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Forum etiquette

Our mission ...

This forum is part of our mission to promote the preservation of vintage computers through education and outreach. (In real life we also run events and have a museum.) We encourage you to join us, participate, share your knowledge, and enjoy.

This forum has been around in this format for over 15 years. These rules and guidelines help us maintain a healthy and active community, and we moderate the forum to keep things on track. Please familiarize yourself with these rules and guidelines.

Remain civil and respectful

There are several hundred people who actively participate here. People come from all different backgrounds and will have different ways of seeing things. You will not agree with everything you read here. Back-and-forth discussions are fine but do not cross the line into rude or disrespectful behavior.

Conduct yourself as you would at any other place where people come together in person to discuss their hobby. If you wouldn't say something to somebody in person, then you probably should not be writing it here.

This should be obvious but, just in case: profanity, threats, slurs against any group (sexual, racial, gender, etc.) will not be tolerated.

Stay close to the original topic being discussed
  • If you are starting a new thread choose a reasonable sub-forum to start your thread. (If you choose incorrectly don't worry, we can fix that.)
  • If you are responding to a thread, stay on topic - the original poster was trying to achieve something. You can always start a new thread instead of potentially "hijacking" an existing thread.

Contribute something meaningful

To put things in engineering terms, we value a high signal to noise ratio. Coming here should not be a waste of time.
  • This is not a chat room. If you are taking less than 30 seconds to make a post then you are probably doing something wrong. A post should be on topic, clear, and contribute something meaningful to the discussion. If people read your posts and feel that their time as been wasted, they will stop reading your posts. Worse yet, they will stop visiting and we'll lose their experience and contributions.
  • Do not bump threads.
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"PM Sent!" messages (or, how to use the Private Message system)

This forum has a private message feature that we want people to use for messages that are not of general interest to other members.

In short, if you are going to reply to a thread and that reply is targeted to a specific individual and not of interest to anybody else (either now or in the future) then send a private message instead.

Here are some obvious examples of when you should not reply to a thread and use the PM system instead:
  • "PM Sent!": Do not tell the rest of us that you sent a PM ... the forum software will tell the other person that they have a PM waiting.
  • "How much is shipping to ....": This is a very specific and directed question that is not of interest to anybody else.

Why do we have this policy? Sending a "PM Sent!" type message basically wastes everybody else's time by making them having to scroll past a post in a thread that looks to be updated, when the update is not meaningful. And the person you are sending the PM to will be notified by the forum software that they have a message waiting for them. Look up at the top near the right edge where it says 'Notifications' ... if you have a PM waiting, it will tell you there.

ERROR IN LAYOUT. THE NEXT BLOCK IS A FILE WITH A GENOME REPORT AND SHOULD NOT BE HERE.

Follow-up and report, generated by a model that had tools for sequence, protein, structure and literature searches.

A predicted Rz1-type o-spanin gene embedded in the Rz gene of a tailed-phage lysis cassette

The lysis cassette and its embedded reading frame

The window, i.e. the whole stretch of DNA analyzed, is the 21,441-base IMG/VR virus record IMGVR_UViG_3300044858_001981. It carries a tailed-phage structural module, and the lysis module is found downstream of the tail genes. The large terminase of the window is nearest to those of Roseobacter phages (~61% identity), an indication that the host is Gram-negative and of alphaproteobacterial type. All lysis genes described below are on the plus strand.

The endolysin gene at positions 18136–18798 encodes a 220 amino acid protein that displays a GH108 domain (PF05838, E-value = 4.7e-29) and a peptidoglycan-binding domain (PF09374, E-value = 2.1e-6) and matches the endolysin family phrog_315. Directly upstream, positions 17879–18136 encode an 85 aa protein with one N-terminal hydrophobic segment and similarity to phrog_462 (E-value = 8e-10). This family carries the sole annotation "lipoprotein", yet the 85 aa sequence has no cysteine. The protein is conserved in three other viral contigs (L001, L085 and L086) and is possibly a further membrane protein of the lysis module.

Copyright and other legal issues

We are here to discuss vintage computing, so discussing software, books, and other intellectual property that is on-topic is fine. We don't want people using these forums to discuss or enable copyright violations or other things that are against the law; whether you agree with the law or not is irrelevant. Do not use our resources for something that is legally or morally questionable.

Our discussions here generally fall under "fair use." Telling people how to pirate a software title is an example of something that is not allowable here.

Reporting problematic posts

If you see spam, a wildly off-topic post, or something abusive or illegal please report the thread by clicking on the "Report Post" icon. (It looks like an exclamation point in a triangle and it is available under every post.) This send a notification to all of the moderators, so somebody will see it and deal with it.

If you are unsure you may consider sending a private message to a moderator instead.

New user moderation

New users are directly moderated so that we can weed spammers out early. This means that for your first 10 posts you will have some delay before they are seen. We understand this can be disruptive to the flow of conversation and we try to keep up with our new user moderation duties to avoid undue inconvenience. Please do not make duplicate posts, extra posts to bump your post count, or ask the moderators to expedite this process; 10 moderated posts will go by quickly.

New users also have a smaller personal message inbox limit and are rate limited when sending PMs to other users.

Other suggestions
  • Use Google, books, or other definitive sources. There is a lot of information out there.
  • Don't make people guess at what you are trying to say; we are not mind readers. Be clear and concise.
  • Spelling and grammar are not rated, but they do make a post easier to read.